Ducommun Halts Descent

Over the past year, aerospace parts manufacturer DucommunIncorporated (NYSE: DCO  ) has been a quagmire for shareholders. Despite posting solid revenue growth and consistently landing major contracts with key players in the aerospace industry, sinking profit margins have caused the stock to stagnate. Indeed, Ducommun has been a cautionary example of the risks associated with investing in a company with a concentrated customer base.

These worrisome trends notwithstanding, Ducommun's third-quarter results indicate that the company may be charting a new course. Revenues grew more than 20% year over year. Interestingly, CEO Joseph Berenato indicated that recent sales growth is due in part to new (i.e., non-Boeing) commercial programs. This may be an early indication that Ducommun is diversifying its customer base.

Most importantly, profit margins, at 6.8% for the third quarter and 6.6% for the first nine months of 2005, are improving. That's well above the 2004 profit margin of 5%, and even above the five-year average of 6.2%, which is refreshing news for shareholders. Could the improved profit margin signal an inflection point of the company's operations?

There are several reasons why Ducommun's operations may be improving. Management has previously indicated that margins will increase as lower-margin startup programs evolve into higher-margin follow-on contracts. Thus, Ducommun may be reaching the higher-margin phase of some projects.

Furthermore, Ducommun has been implementing Six Sigma to optimize efficiency, which might explain some of the operational improvement. While these can be good conference-call talking points, sustained margin improvement truly results from a strong business model backed by efficient management. At the end of the day, Ducommun will be a lucrative investment if management can achieve reasonable growth in its profit margins to match the company's growing revenue.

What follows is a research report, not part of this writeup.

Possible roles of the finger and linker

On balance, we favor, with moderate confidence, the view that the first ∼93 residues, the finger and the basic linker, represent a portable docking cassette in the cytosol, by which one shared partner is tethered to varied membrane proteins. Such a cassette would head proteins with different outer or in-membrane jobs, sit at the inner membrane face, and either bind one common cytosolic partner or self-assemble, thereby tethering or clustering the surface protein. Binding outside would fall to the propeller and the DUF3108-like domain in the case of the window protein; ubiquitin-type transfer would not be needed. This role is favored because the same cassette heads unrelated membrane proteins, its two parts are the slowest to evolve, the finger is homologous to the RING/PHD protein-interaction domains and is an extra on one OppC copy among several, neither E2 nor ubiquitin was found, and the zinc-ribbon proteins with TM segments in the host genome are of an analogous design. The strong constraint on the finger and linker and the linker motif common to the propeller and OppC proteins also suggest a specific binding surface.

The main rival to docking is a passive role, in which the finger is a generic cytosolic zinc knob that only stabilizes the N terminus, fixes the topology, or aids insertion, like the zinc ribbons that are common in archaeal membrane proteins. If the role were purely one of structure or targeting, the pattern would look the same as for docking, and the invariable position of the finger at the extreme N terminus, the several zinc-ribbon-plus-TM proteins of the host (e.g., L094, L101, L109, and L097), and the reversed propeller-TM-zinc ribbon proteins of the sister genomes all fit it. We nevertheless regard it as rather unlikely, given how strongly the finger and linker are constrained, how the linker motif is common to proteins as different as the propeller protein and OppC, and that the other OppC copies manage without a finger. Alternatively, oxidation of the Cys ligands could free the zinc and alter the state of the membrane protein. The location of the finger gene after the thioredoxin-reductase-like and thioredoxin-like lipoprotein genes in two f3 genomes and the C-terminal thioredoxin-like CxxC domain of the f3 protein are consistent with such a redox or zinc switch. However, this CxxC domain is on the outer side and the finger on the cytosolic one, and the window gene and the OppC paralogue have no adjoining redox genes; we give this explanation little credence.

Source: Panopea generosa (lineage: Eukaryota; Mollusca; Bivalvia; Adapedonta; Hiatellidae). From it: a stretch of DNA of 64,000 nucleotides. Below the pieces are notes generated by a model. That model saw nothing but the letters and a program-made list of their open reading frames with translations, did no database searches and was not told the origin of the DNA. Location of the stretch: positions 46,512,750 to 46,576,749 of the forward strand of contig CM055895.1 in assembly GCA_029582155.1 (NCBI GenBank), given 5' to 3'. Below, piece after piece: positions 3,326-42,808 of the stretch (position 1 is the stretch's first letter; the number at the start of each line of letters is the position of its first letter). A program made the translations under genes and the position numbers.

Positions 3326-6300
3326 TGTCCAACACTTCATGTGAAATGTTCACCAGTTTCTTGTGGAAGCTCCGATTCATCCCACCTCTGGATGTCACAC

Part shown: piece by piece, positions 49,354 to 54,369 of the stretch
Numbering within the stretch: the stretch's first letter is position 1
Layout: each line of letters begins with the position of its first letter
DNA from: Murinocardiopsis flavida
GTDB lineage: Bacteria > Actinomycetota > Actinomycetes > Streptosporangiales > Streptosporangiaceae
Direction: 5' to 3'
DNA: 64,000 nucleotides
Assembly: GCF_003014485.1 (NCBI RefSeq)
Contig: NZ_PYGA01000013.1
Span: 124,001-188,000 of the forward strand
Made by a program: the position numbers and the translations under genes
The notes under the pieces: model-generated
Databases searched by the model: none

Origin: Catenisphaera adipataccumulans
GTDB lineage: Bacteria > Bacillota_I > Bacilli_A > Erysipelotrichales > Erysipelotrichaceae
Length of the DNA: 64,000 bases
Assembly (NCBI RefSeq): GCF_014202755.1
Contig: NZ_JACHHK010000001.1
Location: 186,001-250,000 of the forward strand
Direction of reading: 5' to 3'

While Ducommun lacks the operational consistency to be a Motley Fool Hidden Gems selection, the company is certainly hidden. The stock trades at an average daily volume of around 0.1% of the float, and the minuscule analyst following is evidenced by the lack of questions on the latest conference call. Being hidden is certainly an advantage to private investors, but to be a true diamond in the rough, Ducommun needs to prove that recent operational improvement represents a genuine point of inflection and not just an outlying point of a larger downward trend.

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Fool contributor Jason Mac Gurn owns shares of Ducommun. The Motley Fool has an ironclad disclosure policy.


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